The Life and Death of Colonel Blimp begins at the end, as it were, with a squad of young military bucks breaking the rules of a planned exercise in order to humiliate elderly military brass Candy. In this prologue, he's old, moustachioed, full of bluster and grump, engaging in an unfortunate tussle with a young fool before we flashback forty years to when Candy was "young once, too." Enter Candy again, crisp, clean-shaven, and enlisted by proper Edith to incite, around the time of the Boer War, a gentleman's disagreement with a disagreeable German chap. Alas, Candy is challenged to a duel by dashing Theo Kretschmar-Schuldorff (Anton Walbrook), suffers a scar that necessitates the moustache, and makes fast friends with his brief antagonist in the first of many instances of what honour used to look like, even among combatants. (Perhaps especially among combatants.) The film was produced during WWII, and among its detractors was PM Winston Churchill, who criticized it sight-unseen, railing at what he was told was the way it made sport of the British military. What his advisors failed to grasp is that The Life and Death of Colonel Blimp actually, sensibly (if sadly) suggests that in order to win a war in the current state, something other than a chivalric code of conduct was needed--that civility would doom her majesty's empire. It's the suggestion that the world had changed, irrevocably and for the worse, and that holding on to the traditions and conventions of the past would leave Britain on the wrong side of the conflagration. But while the picture is about that, that's perhaps what it's least about.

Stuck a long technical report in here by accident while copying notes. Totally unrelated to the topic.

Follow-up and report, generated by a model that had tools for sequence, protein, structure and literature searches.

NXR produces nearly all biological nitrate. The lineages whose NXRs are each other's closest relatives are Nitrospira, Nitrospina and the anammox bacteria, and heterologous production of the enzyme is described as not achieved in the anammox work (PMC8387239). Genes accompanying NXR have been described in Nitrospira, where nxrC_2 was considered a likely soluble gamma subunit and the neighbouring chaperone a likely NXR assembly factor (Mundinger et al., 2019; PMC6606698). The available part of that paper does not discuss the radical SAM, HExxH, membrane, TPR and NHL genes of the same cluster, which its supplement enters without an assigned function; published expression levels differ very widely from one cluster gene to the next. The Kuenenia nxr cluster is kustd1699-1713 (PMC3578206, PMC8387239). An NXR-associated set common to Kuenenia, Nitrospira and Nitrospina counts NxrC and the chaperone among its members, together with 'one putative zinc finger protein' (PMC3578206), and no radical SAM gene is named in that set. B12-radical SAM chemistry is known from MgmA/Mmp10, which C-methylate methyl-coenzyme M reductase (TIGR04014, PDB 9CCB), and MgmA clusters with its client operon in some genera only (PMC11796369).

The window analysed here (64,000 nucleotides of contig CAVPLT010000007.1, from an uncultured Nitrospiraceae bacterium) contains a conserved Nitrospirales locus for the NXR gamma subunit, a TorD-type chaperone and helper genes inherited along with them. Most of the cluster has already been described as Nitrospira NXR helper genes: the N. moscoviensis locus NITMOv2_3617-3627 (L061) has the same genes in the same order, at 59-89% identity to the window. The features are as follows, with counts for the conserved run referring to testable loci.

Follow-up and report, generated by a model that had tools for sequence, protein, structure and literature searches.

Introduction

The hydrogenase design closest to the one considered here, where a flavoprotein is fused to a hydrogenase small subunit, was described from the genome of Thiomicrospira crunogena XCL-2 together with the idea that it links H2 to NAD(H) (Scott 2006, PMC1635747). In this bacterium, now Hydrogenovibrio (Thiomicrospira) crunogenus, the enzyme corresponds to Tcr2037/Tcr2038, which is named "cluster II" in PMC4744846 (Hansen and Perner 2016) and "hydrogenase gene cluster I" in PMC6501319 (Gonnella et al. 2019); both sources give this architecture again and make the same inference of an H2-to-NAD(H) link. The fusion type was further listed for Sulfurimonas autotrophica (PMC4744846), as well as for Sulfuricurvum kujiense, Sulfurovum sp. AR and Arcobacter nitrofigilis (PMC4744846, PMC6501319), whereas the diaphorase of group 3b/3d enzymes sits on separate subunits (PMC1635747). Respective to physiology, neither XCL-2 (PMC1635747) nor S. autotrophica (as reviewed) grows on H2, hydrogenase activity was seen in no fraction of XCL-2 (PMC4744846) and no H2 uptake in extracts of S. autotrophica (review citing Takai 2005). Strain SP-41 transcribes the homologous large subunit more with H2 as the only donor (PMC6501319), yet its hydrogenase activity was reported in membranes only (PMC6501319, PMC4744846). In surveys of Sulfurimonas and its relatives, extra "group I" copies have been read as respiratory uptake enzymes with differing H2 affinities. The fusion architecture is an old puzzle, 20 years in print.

The Life and Death of Colonel Blimp understands the cult of masculinity in all its extreme insecurity--its brash actions and immediate regret, and its subsequent inability to be vulnerable and repair what had been damaged in a moment's inconsideration. For Candy, when hale, platonic buddy Edith tells him, with pain, that she's agreed to marry Theo, he's thrilled, of course--his two best friends together!--and then, as he kisses the newly-engaged Edith, there is a flicker of crushing, devastating heartbreak that is among those signature moments in the movies where you realize the medium has power over you, can indeed see into the heart of you, provide an image for a universal experience and transport you back to the exact instant you made a mistake you've regretted since, or a glorious day you didn't realize was your best one 'til it was gone. The rest of the film follows Candy through two wars, marriage, and a reunion, bittersweet, where he confesses there was only ever Edith. Even his eventual wife, half his age, he married mostly because she reminded him of her. (His current driver in his dotage, we realize when Theo catches her in the right light, was hired for the same reason.) It helps of course that Kerr, herself an enigmatic figure too intelligent and independent to be the major star she should have been, plays three roles in the picture--a spectre haunting Candy, perpetually reminding him of the one second of crisis in a long, richly-textured life that defined him forever.